For example, if we care about human welfare – about human happiness and suffering and life flourishing – then perhaps we should care about the welfare of non-human animals as well. Such considerations are especially important in discussions about food and agriculture, given the vast numbers of livestock animals that are alive in our food system.
You might feel like the notion of speciesism creates some intractable problems. Would a rejection of speciesism require equal legal rights and protections for all non-human animals? For trees? Must we all become vegetarians? Some ethicists and activists say yes. Others argue that there are distinctions. Philosopher Paul Taylor, for example, argues that it is immoral for a human to kill a wild animal when it is not necessary for subsistence, but in cases where the human would otherwise starve, it is permissible. He also argues that so long as livestock animals do not suffer while alive, there is no moral difference between eating that animal and eating a plant (since both possess intrinsic value). Taylor does argue for vegetarianism in most cases, however, because plant based diets allow more land to be devoted to nature (a point that is debatable). What moral consideration do we owe, then, to a living animal that is destined to be our food?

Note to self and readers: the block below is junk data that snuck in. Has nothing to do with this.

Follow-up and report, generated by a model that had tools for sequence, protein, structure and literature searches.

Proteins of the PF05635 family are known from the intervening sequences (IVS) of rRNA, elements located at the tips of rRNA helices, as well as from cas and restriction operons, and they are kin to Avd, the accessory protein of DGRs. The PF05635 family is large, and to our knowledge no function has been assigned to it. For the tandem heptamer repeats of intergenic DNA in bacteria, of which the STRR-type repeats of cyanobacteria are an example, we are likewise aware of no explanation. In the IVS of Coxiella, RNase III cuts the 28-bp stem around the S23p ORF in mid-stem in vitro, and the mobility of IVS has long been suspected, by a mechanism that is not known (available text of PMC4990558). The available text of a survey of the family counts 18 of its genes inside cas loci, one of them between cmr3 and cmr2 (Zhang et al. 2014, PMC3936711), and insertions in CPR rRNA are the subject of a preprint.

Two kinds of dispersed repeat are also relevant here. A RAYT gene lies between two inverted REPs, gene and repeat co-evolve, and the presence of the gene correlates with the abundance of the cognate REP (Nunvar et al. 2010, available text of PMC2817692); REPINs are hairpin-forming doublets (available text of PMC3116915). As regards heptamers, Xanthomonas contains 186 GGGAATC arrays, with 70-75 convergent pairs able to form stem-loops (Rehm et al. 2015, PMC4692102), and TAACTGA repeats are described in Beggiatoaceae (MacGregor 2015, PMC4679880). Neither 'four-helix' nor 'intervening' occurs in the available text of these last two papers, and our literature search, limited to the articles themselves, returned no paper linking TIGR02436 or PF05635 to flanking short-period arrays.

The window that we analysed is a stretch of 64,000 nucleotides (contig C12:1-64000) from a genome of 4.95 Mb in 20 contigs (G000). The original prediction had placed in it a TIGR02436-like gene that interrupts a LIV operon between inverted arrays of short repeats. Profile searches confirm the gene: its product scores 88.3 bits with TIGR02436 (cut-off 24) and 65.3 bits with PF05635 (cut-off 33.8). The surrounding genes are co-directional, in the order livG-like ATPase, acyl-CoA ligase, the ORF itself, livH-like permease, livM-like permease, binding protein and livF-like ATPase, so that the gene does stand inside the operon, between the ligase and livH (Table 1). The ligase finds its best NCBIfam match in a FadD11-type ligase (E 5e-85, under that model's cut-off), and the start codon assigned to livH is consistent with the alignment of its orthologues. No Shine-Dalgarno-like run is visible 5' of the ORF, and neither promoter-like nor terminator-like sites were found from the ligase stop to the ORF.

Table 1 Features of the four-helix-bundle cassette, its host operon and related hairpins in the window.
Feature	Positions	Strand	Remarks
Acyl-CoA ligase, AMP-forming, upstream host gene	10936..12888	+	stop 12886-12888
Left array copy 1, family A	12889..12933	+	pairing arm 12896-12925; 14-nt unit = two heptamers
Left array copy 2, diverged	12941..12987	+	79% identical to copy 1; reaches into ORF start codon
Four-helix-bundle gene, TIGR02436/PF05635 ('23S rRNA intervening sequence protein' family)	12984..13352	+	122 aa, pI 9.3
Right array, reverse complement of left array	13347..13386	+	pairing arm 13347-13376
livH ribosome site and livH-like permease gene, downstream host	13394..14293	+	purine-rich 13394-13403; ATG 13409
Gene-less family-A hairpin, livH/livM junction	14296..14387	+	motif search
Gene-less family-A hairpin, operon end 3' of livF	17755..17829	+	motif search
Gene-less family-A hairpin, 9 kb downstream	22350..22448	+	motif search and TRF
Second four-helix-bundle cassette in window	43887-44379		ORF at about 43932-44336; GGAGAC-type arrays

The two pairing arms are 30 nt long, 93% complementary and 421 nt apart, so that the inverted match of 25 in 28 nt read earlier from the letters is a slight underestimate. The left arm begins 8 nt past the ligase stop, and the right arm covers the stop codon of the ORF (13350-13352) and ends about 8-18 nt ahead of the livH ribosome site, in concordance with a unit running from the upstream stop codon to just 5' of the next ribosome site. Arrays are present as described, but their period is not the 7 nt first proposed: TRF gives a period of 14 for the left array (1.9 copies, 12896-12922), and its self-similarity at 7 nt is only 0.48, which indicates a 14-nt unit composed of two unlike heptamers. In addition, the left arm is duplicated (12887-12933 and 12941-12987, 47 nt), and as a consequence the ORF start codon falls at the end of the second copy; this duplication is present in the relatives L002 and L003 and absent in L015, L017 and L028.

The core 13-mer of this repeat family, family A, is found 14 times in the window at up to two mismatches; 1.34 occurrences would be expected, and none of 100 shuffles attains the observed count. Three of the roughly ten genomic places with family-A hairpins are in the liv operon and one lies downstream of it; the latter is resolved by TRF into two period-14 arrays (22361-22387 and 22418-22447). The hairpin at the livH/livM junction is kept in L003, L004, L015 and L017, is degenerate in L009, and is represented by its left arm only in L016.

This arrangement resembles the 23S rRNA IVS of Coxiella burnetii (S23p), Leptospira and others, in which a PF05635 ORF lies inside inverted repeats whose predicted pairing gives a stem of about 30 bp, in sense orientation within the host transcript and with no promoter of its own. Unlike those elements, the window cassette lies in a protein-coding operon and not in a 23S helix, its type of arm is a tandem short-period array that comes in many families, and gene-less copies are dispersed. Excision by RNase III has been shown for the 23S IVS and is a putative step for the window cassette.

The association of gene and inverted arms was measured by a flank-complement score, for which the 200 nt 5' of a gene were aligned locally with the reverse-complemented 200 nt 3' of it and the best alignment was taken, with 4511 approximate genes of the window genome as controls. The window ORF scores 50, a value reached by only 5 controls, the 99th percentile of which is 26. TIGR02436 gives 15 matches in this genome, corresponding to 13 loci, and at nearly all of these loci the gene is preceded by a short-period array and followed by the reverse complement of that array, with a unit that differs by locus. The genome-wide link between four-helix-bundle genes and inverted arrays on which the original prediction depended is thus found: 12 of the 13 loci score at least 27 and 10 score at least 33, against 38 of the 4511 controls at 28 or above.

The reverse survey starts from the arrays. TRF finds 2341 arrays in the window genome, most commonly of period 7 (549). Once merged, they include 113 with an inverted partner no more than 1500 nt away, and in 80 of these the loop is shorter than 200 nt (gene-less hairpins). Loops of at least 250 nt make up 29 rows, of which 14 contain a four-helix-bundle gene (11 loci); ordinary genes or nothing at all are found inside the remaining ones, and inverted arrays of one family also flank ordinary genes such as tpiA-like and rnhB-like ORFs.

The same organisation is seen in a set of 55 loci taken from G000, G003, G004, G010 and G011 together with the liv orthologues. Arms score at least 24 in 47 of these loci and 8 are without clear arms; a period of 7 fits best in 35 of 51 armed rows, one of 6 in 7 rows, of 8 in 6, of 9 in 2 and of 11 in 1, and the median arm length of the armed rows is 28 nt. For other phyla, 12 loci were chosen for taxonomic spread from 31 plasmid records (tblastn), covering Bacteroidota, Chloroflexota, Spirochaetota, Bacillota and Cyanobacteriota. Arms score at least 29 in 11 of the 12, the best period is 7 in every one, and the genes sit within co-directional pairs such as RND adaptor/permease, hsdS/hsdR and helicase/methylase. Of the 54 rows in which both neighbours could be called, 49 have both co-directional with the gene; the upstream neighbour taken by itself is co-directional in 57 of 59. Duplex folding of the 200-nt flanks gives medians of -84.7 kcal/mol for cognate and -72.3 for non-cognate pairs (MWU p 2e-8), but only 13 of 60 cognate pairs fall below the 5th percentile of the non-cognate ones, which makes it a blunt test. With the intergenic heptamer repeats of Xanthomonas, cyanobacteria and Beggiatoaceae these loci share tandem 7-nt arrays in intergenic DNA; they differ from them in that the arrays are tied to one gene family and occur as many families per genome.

Consider This: Bentham On SpeciesismJeremy Bentham ( bio) (1748-1832) was an early and very important ethicist. He wrote many, many things throughout his life. One of his most famous writings is this passage on the issue of speciesism: